Allergy

Updated 07 August 2017

Is it a cold or an allergy?

You have a runny nose, a cough and you can’t stop sneezing. Winter is here so it must be a cold, right? Wrong, it could be an allergy.

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At a glance, the symptoms of a cold and allergy appear similar. You’ll have a runny nose, nasal congestion, coughing, sneezing, post-nasal drip, conjunctivitis and a sore throat. But there are distinct differences, particularly when it comes to cause and treatment plan. 

So how do you know if you’ve caught a cold or if it’s just your allergies acting up? 

Duration of symptoms

Cold symptoms typically last between seven and 10 days, while allergy symptoms can last much longer – several weeks in fact if the allergen remains in the air. 

Allergy symptoms, however, usually come and go during a particular season or environment. If your nose suddenly starts to run while you’re out hiking, you’re probably displaying symptoms of an allergy to the grass you’re walking through. 

Learn to tell the difference

Symptoms of a cold typically develop over a few days, starting with a phase of sneezing and lots of clear nasal secretions. This is usually followed by a thick nasal secretion phase and blocked nose, which is often accompanied by tiredness, sore throat, fatigue and fever. 

Nasal allergies tend to follow a similar pattern in different individuals − for example you will start sneezing. Symptoms will change depending on what allergen you’ve been exposed to − for example being outdoors, time of year, pet exposure and so on.

Ask yourself these questions: 

1. Did your symptoms appear suddenly?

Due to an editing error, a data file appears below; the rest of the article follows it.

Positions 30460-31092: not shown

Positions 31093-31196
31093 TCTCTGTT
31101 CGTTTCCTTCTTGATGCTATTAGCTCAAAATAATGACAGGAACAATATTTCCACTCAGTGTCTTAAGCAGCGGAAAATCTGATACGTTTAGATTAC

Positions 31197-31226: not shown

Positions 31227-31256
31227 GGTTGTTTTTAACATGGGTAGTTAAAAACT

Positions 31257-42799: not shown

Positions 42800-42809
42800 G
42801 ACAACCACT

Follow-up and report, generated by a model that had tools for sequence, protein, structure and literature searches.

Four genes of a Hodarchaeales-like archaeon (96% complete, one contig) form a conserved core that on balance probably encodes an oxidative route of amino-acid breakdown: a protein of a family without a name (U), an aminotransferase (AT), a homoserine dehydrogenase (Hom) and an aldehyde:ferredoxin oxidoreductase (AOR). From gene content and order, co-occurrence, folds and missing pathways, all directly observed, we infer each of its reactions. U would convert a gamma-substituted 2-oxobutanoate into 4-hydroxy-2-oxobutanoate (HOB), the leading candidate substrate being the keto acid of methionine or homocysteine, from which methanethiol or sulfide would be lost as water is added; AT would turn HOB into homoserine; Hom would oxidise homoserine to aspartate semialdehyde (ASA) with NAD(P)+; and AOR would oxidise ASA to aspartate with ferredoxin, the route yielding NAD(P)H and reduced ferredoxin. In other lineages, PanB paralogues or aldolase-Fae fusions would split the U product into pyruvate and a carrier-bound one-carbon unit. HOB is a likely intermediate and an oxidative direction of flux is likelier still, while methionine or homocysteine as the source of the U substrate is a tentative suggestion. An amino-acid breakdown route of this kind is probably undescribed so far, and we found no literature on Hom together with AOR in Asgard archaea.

Cold symptoms usually appear gradually over a few days, while allergy symptoms occur suddenly. 

2. How long have you had symptoms? 
Cold symptoms generally last a week or two, while an allergy will last for as long as you're exposed to allergen. 

3. Are your symptoms predictable for the time of year that they appear? 
If symptoms appear like clockwork at the same time every year, you have an allergy. 

cold, allergy, symptoms, differences

Identify the cause

More than 200 subtypes of virus (e.g. rhinovirus or coronavirus) can cause a cold, which is transmitted through droplets in the air from coughing and sneezing. Colds are more common during winter but you can catch them at any time during the year. Allergies are caused by allergens that affect your immune system and are not contagious. 

Treatment plans

According to Associate Professor Jonathan Peter, head of the Allergology and Clinical Immunology division at UCT’s Department of Medicine and the Allergy Clinic at the UCT Lung Institute, untreated allergies can predispose an individual to increased colds. 

Your treatment plan for a cold will differ vastly from an allergy. Although there isn’t a cure for the common cold, Prof Peter suggests taking nasal decongestants for a few days to unblock the nose and flu tablets, which usually contain a mix of simple pain medicine for a headache and some caffeine to keep you going. 

If your symptoms worsen or linger past two weeks, see your doctor.

“When it comes to allergies, there are a number of approaches, you need to try and identify the triggering allergen(s),” he explains. “Avoiding the offending allergen(s) can help reduce will keep your symptoms under control. Intranasal steroids can help prevent further symptoms on allergen exposure. Antihistamines – nasal or tablets – also help.” 

See your doctor if you have ongoing symptoms without a known cause that are interfering with your work, social life and sleep. You may even consider immunotherapy, which can offer you a cure of certain allergies – ask you doctor for more information about this.

Read more: 

Stop believing these 10 allergy myths

Semen and other bizarre allergies

First aid for seasonal allergies



 

Ask the Expert

Allergy expert

Dr Morris is the Principal Allergist at the Cape Town and Johannesburg Allergy Clinics with postgraduate diplomas in Allergology, Dermatology, Paediatrics and Family Medicine dealing with both adult and childhood allergies. obesity and diabetes societies and runs a trial centre for new drugs.

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